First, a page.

When the people cried out for Barabbas to be released, Pilate went back to the crowds and asked them again what he should do with Jesus and they said Take him away! Take him away! Crucify him! Every year when I heard this story I ask myself how people who praised Jesus on Sunday could call for his death on Friday. What happened during those days that caused people to turn from Jesus? If we at look at what happened during those four days we see that Jesus did a lot of teaching in the Temple and some of his teaching got both the religious leaders and the crowds upset. Jesus said that the people should pay their taxes to Caesar. He talked about the coming destruction at the end of the age and even said that the Temple in Jerusalem would be torn down.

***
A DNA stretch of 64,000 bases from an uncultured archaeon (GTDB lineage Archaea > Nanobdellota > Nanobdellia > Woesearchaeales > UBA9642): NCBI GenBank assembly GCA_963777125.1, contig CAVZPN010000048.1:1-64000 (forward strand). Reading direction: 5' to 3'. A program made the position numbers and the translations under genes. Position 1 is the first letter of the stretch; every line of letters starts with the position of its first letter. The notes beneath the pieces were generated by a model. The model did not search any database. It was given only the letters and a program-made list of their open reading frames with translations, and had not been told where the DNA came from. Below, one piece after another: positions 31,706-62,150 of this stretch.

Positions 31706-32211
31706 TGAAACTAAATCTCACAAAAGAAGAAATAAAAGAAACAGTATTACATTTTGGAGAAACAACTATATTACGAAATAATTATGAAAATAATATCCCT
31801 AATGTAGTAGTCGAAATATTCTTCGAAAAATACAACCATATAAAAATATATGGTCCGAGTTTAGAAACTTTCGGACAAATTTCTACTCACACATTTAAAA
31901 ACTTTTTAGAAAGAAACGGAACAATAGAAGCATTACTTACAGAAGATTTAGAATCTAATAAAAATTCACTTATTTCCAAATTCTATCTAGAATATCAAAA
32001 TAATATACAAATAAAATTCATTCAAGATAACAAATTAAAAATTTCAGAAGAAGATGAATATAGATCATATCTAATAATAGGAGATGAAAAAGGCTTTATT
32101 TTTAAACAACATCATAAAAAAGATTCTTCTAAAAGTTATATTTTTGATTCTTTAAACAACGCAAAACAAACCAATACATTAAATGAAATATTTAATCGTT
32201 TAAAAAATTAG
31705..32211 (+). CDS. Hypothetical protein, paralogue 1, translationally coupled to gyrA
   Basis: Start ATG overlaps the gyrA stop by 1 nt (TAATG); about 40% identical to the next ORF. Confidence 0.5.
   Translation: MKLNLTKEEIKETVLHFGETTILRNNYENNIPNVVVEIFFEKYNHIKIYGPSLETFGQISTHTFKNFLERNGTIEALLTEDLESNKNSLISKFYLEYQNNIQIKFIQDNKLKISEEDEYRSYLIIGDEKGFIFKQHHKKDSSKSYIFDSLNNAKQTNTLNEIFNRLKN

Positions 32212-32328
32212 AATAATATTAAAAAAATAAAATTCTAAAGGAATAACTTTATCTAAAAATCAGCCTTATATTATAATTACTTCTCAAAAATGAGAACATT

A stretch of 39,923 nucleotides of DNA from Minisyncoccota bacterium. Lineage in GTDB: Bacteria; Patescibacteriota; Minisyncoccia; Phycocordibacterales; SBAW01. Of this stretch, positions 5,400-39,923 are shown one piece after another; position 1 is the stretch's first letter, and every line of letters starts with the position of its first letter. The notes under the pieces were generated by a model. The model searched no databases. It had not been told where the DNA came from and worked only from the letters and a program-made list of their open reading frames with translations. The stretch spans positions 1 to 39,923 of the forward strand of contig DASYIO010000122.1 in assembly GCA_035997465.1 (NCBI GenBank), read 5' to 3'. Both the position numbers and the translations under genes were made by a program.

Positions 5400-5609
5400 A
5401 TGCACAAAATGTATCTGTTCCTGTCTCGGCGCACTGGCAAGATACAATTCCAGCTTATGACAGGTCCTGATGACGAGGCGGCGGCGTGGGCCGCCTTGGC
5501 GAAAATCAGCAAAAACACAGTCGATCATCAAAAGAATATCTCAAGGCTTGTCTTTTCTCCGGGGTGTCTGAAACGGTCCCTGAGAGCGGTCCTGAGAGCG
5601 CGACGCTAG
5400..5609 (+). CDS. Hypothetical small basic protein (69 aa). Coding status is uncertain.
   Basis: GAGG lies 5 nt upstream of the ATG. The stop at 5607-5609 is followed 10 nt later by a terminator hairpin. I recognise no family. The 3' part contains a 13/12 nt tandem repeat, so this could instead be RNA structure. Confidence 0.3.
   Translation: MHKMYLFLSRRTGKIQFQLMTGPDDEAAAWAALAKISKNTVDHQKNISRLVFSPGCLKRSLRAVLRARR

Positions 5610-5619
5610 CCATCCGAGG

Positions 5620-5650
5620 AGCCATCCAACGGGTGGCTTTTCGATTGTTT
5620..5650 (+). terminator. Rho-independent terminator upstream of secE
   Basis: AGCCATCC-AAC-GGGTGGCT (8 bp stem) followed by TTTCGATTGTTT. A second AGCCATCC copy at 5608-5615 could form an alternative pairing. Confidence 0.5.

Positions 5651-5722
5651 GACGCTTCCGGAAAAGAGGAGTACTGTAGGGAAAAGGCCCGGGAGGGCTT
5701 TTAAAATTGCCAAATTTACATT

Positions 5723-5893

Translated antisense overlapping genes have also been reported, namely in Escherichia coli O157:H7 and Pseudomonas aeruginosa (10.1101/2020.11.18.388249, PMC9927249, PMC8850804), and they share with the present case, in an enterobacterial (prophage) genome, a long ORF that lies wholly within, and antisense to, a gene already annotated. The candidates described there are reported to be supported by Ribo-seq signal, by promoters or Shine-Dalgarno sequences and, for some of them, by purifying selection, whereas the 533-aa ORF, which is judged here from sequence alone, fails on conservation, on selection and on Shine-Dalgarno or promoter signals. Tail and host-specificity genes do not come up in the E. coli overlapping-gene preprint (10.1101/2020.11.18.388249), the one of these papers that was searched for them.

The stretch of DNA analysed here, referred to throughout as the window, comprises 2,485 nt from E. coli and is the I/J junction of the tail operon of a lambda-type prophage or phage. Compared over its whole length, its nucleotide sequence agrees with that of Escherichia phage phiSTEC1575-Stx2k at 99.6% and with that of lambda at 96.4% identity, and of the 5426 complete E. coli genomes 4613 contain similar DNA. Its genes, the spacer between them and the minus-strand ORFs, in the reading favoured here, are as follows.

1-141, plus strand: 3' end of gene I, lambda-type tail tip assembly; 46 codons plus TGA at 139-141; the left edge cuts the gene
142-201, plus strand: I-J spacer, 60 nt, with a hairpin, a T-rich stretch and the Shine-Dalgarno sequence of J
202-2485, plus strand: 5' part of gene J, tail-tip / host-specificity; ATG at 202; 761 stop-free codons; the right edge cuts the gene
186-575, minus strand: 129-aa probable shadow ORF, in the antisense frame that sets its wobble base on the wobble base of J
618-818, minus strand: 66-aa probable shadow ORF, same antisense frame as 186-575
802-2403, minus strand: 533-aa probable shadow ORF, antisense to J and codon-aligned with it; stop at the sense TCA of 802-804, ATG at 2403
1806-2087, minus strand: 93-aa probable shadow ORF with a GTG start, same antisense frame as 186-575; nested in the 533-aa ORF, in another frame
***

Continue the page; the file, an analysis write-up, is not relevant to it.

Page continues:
None of this made the people nor the leaders happy. The crowds wanted Jesus to lead a movement that would overthrow Roman rule and establish Israel as a strong and mighty nation so to talk about paying taxes and the destruction of the Temple did not make people happy. Add to this what Jesus had been saying to his disciples and followers about denying themselves and carrying a cross and suddenly being a follower of Jesus wasn’t much fun and it certainly wasn’t rewarding. As long as Jesus gave people what they wanted – people were eager to follow, but when his teaching got difficult, people were quick to un-follow.
Something similar happened earlier in Jesus ministry as well. After Jesus fed a crowd of 5,000 people, the crowds wanted to make him king right then but Jesus was clear that following him wasn’t just about free food and miracles of healing, there was sacrifice involved so Jesus taught the crowds some hard lessons that unsettled them and they started to grumble and question Jesus, John 6:60.